Luis Pavón, the Forgotten Official / POLEMICA: The 2007 Intellectual Debate, Alejandro Armengol

Luis Pavón in 1971. (Courtesy of the personal archive of Hamlet Lavastida.)
Luis Pavón in 1971. (Courtesy of the personal archive of Hamlet Lavastida.)

It’s not that Luis Pavón died without fanfare, it’s that he died officially forgotten. No one mentioned his death in the official Cuban press, no brief note, not even a moment on the cable news agency to record the fact. Another of the ironies of fate, history and politics — rhetoric doesn’t matter here — has been that there has been more comment from the exile, or at least mentions, of the end of someone who, with good reason, was considered and has always been considered a bastard. That he no longer exist does nothing to change that opinion. At least it’s consistent.

Pavón, was the director of the magazine Verde Olive (Olive Green). He was also the apparent author of a few texts under the name Leopoldo Avila — works that have also been attributed to José Antonio Portuondo, another mediocre Stalinist — which served to unleash terror in writers and artists at a time when dogmatism, mediocrity and foolishness was being imposed on much of Cuban literature. Without event becoming a kind of tropical Marat or Robespierre — not for lack of vocation, simply for lack of opportunities — this mediocre poet relentlessly tried to ruin the lives of various creators. He would get better at it during his presidency of the National Council of Culture between 1971 and 1976, when he could fully exercise his vocation as censor.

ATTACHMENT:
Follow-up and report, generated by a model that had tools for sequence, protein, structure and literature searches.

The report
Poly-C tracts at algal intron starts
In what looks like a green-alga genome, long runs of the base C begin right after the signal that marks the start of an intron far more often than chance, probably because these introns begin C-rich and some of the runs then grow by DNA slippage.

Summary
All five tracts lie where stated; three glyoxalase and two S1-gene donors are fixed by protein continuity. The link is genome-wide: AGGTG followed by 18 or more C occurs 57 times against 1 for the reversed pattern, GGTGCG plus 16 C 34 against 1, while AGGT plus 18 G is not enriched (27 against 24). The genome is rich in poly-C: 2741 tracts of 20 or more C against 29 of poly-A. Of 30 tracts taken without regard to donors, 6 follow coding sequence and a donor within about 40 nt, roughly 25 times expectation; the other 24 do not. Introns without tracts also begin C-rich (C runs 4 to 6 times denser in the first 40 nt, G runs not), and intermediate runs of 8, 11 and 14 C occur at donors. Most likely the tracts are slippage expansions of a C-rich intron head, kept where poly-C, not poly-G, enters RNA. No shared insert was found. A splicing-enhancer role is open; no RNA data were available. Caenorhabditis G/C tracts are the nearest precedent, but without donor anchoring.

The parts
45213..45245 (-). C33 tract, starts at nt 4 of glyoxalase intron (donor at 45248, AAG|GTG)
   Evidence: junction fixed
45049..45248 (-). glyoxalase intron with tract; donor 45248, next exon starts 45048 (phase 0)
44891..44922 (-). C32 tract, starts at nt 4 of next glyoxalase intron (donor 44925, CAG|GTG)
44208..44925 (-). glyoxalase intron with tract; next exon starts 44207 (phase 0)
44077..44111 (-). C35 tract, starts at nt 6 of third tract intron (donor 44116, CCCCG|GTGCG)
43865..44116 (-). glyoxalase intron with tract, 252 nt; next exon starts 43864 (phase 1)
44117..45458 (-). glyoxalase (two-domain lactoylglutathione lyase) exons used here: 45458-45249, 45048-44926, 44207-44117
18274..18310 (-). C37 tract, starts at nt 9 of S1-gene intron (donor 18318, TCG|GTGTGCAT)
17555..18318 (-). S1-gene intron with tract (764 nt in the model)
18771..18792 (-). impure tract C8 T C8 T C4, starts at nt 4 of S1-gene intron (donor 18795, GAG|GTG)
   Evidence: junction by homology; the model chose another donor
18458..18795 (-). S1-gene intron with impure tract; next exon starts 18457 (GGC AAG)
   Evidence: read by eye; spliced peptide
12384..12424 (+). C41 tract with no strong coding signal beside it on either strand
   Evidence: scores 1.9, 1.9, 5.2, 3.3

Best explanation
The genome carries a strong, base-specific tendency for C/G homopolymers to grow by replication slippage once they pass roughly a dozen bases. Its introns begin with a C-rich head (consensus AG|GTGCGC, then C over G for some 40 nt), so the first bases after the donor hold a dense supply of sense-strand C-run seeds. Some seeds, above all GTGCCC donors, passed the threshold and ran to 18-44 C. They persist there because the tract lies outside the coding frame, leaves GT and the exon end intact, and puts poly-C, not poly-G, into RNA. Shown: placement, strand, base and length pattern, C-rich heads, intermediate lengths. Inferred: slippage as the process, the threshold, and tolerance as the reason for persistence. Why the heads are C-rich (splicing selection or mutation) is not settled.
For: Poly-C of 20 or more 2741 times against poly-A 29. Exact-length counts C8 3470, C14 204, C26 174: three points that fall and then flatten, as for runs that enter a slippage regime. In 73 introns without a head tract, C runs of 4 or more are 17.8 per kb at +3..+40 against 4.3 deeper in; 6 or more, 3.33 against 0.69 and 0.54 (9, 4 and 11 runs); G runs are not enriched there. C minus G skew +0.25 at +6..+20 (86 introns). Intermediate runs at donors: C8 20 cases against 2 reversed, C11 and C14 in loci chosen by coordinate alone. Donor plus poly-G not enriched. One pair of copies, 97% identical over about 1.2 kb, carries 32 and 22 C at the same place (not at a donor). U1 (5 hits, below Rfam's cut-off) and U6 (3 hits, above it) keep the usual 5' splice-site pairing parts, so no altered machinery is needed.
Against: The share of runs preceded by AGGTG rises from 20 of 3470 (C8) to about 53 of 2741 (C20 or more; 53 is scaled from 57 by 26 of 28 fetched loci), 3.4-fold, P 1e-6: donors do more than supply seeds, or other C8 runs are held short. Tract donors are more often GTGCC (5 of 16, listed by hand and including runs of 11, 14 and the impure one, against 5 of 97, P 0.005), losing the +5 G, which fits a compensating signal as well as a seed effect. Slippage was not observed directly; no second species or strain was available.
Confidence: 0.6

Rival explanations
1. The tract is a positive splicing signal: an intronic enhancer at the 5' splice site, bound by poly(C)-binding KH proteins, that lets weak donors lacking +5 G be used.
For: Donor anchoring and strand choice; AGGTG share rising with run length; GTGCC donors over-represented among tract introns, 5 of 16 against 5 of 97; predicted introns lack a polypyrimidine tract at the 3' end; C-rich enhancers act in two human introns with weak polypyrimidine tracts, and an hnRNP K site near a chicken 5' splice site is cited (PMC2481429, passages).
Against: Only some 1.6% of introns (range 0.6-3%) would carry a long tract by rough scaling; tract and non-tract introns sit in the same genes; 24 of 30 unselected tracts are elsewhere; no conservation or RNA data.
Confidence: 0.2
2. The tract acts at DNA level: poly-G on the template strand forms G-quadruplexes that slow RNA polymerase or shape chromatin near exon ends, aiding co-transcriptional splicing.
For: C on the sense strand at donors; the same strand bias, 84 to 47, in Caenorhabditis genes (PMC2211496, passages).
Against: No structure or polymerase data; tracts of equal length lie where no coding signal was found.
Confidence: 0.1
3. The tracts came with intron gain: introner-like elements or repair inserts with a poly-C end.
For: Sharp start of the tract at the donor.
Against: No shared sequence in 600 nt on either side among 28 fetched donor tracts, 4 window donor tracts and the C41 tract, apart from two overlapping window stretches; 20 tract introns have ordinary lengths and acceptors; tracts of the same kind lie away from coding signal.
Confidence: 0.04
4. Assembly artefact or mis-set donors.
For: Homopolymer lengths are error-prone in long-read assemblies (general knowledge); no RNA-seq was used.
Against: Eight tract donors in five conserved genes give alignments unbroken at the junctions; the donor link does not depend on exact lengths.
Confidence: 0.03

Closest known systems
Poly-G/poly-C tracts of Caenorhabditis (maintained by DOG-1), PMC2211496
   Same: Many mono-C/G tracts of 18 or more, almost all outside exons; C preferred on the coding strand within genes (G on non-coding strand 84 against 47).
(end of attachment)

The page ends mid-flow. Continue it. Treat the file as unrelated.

After his brief reign of cultural terror he passed not only into almost total obscurity but into rejection barely less absolute. Then he served as a pretext for one of the many plays with multiple roles that have happened on the island since 1959, when he appeared on a television show in 2007. It’s possible that the “little war of emails” — that followed that show — would benefit some; what’s certain is no one is disposed to repeat it now, not in the slightest skirmish. Perhaps, after everything, it has been fear, not of Pavón but simply of mentioning Pavón, that explains this momentary silence in the Cuban press.

There is also irony that it was Norberto Fuentes who reported the news to the exile. As it always happens: the censors end up depending on the censored. Too bad they never learn the lesson in time.

From Cuaderno de Cuba

27 May 2013